There is No Substitute for Trust

The organizational change model is well known. It follows an equally well-known model: the one for making decisions.                         

·         State the problem you want to solve as succinctly as possible.

·         Draw up a list of possible solutions

·         Evaluate each, and pick the best one.

·         Assign its implementation to one or more people.

·         Set a deadline.

·         Decide how you will measure progress.

The key to the success of both models is people. They have to cooperate.

Typically, the decision-makers see themselves as those who are ready to change, or perhaps have even done so already. It’s everyone else who gets in the way.

Research, however, has shown that while this opinion is widely held, it’s also false. There are people on both sides who want to change, just as there are executives and employees who don’t. “Them and us” is not demarcated along hierarchical boundaries, and it’s vital that you recognize that.

One of the most persistent challenges in organizational change is how to get those who won’t cooperate to do so. The received wisdom has been to engage them – to demonstrate that you have their best interests at heart; to include them in and, to a certain extent, allow them to make decisions. The problem, however, is that while these intentions are admirable, they’re seldom carried out, even when executives think they are – at least that’s how those who are most affected by those changes see it. Too often, it is they who have the least power to respond positively to their circumstances.  They are the real victims. They know it, and so does everyone else; and it is they who perhaps personify the resistance that managers assign to all employees.

They are the ones who lose their jobs and can’t find new ones. They are the ones who are forced to retire early, when they can ill afford to do so. They are the ones who are forced to relocate to stay employed, but who can’t sell their house or have elderly relatives to care for. They are the ones who seem to be habitually mistreated when organizations change.

One way that the problem of resistance has been tackled has been to look at the organization chart and from it identify those deemed to be change leaders. Such people are then briefed and trained, and then sent out into the wider organization to explain what will be happening – what the change programme is all about.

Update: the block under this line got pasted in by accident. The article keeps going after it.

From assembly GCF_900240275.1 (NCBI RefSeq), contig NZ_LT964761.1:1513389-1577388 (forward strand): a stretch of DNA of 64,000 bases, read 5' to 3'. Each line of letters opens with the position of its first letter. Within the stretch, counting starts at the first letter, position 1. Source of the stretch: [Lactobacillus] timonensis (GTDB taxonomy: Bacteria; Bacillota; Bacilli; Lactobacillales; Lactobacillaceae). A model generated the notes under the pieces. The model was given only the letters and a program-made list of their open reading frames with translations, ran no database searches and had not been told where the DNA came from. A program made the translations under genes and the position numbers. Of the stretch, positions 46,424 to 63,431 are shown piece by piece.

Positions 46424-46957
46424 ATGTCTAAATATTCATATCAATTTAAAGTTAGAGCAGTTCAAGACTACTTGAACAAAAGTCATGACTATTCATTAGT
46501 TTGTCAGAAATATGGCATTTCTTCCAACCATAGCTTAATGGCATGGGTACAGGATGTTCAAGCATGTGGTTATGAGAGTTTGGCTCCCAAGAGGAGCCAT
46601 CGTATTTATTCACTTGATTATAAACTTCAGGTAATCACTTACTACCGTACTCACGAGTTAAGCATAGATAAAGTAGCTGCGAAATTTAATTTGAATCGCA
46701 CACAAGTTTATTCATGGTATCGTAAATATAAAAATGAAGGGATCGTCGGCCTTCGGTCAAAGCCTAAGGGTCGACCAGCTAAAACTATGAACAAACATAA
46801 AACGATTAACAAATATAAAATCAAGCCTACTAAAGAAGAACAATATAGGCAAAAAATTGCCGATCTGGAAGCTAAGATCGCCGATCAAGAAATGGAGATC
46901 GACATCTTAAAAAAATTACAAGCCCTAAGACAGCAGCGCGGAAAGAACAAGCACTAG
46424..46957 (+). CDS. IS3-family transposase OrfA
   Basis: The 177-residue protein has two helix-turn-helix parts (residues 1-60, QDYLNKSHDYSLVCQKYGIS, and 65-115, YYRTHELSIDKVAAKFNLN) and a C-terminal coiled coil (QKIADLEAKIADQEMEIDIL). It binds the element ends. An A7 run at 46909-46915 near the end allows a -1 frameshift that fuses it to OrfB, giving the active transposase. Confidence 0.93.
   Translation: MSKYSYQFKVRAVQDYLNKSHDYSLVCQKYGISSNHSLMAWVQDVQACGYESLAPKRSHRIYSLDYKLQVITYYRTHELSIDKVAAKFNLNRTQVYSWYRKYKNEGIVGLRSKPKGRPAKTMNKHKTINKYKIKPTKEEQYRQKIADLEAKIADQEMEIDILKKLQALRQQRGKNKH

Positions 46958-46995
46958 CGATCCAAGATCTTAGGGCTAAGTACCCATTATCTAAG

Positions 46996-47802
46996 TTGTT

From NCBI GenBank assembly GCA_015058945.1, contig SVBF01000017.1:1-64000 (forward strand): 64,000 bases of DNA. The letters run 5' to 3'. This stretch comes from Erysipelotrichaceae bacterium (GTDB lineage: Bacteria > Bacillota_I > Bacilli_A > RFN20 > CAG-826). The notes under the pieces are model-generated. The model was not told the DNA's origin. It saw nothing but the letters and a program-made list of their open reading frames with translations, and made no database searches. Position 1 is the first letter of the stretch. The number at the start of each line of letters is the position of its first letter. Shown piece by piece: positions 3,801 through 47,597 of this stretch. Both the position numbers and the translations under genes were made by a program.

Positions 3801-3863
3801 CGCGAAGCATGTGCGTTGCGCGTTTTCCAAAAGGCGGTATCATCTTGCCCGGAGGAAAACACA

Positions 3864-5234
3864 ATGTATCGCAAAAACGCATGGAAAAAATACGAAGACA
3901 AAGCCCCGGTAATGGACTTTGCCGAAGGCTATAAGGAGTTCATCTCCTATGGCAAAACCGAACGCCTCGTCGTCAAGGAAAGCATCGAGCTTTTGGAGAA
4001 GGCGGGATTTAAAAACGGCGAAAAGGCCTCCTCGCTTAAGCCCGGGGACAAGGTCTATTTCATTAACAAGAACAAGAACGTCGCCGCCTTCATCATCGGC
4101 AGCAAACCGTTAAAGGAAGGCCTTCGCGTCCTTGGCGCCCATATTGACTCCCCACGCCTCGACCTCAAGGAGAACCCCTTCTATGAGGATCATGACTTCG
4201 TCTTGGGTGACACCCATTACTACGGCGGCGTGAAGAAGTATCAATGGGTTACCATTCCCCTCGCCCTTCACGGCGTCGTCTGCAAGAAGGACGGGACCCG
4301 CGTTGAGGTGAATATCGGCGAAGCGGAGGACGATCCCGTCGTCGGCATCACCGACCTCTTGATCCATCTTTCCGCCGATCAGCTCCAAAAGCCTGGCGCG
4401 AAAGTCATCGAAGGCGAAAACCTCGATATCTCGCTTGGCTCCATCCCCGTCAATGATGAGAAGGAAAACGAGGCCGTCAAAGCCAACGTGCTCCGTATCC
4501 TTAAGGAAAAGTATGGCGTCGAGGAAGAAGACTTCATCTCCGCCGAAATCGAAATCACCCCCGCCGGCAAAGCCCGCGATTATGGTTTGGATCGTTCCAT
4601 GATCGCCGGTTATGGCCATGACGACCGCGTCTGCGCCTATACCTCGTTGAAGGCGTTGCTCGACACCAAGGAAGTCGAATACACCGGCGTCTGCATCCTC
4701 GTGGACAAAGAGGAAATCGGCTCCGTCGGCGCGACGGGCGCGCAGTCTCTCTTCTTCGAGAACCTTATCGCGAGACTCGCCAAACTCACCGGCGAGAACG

It turns out, however, that the “grass roots” employees don’t follow the formal leaders, or at least not any more than they have to. Instead, they follow their own, informal leaders. That’s because they’re suspicious of anyone who has the organization’s approval. And so the key to overcoming resistance to change has been linked to identifying those people.

This, too, has been a problem. That’s because informal leaders aren’t even on the managerial radar. Instead, they work quietly in the background. They have their finger on the organizational pulse, but the only ones who know that are those who go to them for advice. In fact, that’s how managers have been able to find them; by asking people who they ask when they want to know something; when they want to clarify or quash a rumour.

When organizations engage these people, resistance to change lessens considerably. Those who are against such initiatives become more agreeable to them. In other words, they cooperate.

This long introduction – this background information – has been necessary to bring you to a point where you’ll be willing to consider something that’s very important. It’s this: Good ideas often are effective in the short term. Some can last longer. There nearly always comes a point where it becomes “well-worn”. We’re probably not there yet with this one. There’s still time to re-mould your organization by identifying the informal leaders and “winning” them before you try to implement the changes that you want to make; but you shouldn’t become complacent. You must not believe that this will continue to work ad infinitum.

You see, the problem is that winning the informal leaders could be construed as subterfuge by those who had been sceptical and who resisted you in the first place. You may have witnessed this personally or know of organizations where this has happened. Informal leaders are wooed by the management until they, in effect, become part of the organization’s unofficial hierarchy. They, too, become organization men and women.

Overcoming resistance isn’t about changing minds through persuasion. Instead, it’s about changing hearts by building and maintaining trust - between you and the informal leaders, and between them and your employees.

Successful organizational change depends on it.

If you would like to know more about organizational change, contact me here.

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